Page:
How the C/N ratio affects the Yield


Mushrooms can decompose various lignocellulosic substrates. As these substrates have different carbon-nitrogen ratios, today’s research paper studies the effect of the carbon-nitrogen ratio on the yield and size of Pleurotus pulmonarius. For the primary substrate, the authors used corncobs, wastepaper, and sawdust.

These substrates had the following carbon-nitrogen ratios—120 for wastepaper, 400 for sawdust, and 325 for corncob.

When it comes to the stipe length, the authors found that using corncobs lead to the longest stipe, followed by sawdust and then wastepaper. In addition, they found that the stipe length for the second flush is shorter than for the first flush.

The same pattern can be found for the pileus diameter. Using corncob as the primary substrate led to the largest pileus, followed by sawdust and then wastepaper. Again, the second flush produces smaller pileus than the first flush.

If we look at the total weight, we see that corncob reached 139g, the highest value, followed by 129g for wastepaper and 114g for sawdust. These values are split the following way between the first and second flush. For the corncob, 86g to 53g, 79g to 50g for wastepaper, and 72g to 42g for sawdust. Or roughly a split of 62% for the first flush to 38% for the second flush.

The biological efficiencies were 70% for corncob, 64% for wastepaper, and 57% for sawdust.

As the question was if the carbon-nitrogen ratio affects this parameter, we will take a look at the correlations between them. If we plot the carbon-nitrogen ratio against the total weight, we get the following graph that looks at first glance that there is no effect. To see the effect clearer, we add a trend line into the graph. This line indicates a slight decline in total weight with higher carbon-nitrogen ratios.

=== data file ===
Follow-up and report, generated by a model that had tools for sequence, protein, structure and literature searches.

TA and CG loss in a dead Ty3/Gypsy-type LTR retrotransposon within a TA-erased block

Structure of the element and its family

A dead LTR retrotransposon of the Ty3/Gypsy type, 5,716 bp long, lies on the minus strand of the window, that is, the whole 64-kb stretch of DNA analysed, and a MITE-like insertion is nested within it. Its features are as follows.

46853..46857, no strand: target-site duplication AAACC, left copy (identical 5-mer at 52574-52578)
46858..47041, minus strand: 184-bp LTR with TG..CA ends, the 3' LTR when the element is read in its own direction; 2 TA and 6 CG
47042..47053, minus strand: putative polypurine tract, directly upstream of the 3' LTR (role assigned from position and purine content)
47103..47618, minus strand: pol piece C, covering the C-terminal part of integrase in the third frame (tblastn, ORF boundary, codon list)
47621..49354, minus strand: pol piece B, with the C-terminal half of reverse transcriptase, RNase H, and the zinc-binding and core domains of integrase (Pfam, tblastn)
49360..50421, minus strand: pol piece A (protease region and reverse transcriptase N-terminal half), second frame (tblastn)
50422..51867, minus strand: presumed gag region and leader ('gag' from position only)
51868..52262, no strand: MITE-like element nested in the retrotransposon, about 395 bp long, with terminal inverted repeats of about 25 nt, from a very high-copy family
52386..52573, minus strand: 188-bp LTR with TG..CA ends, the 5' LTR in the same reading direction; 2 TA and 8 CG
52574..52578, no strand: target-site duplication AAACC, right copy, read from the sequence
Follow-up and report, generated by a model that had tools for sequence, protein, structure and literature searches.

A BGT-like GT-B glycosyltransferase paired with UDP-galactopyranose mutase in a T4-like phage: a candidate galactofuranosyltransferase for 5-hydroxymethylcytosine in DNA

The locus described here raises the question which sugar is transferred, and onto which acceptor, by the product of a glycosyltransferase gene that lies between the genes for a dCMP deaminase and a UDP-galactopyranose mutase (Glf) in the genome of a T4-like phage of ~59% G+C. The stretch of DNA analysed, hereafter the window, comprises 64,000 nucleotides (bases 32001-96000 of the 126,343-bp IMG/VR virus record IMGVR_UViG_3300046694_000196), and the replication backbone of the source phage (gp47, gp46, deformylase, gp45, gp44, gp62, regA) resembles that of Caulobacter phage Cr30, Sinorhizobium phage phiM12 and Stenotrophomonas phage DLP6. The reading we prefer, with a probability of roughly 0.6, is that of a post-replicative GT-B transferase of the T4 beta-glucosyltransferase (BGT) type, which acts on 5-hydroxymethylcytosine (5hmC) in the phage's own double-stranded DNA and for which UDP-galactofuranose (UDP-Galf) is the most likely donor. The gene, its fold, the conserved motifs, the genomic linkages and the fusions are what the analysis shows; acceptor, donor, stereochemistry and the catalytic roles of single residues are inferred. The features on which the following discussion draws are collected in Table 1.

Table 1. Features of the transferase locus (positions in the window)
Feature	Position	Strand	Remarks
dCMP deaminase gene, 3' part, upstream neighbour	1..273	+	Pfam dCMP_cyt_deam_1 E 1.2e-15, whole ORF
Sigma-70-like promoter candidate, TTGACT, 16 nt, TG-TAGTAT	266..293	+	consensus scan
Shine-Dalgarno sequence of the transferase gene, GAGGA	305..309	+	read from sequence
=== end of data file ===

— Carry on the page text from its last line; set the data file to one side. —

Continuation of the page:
For the stipe length, the effect is positive. Meaning, the higher the carbon-nitrogen ratio, the longer the stipe length.

The same is true for the pileus diameter. The higher the carbon-nitrogen ratio, the larger the pileus.

Overall, we can conclude that the carbon-nitrogen ratio affects the yield and size of the mushroom.

But as the authors used only three different types of substrate types, further studies have to be made to come to a final conclusion. If you want to learn more about the carbon-nitrogen ratio, then the video on the right is for you.

In this video, I show how Pleurotus ostreatus and Pleurotus Florida react to different carbon-nitrogen ratios and the optimum carbon-nitrogen ratios for other mushrooms.

Talk to you there.


📝Osunde, M.O., Olayinka, A., Fashina, C.D. and Torimiro, N. (2019) Effect of Carbon-Nitrogen Ratios of Lignocellulosic Substrates on the Yield of Mushroom (Pleurotus pulmonarius ). Open Access Library Journal , 6: e5777.,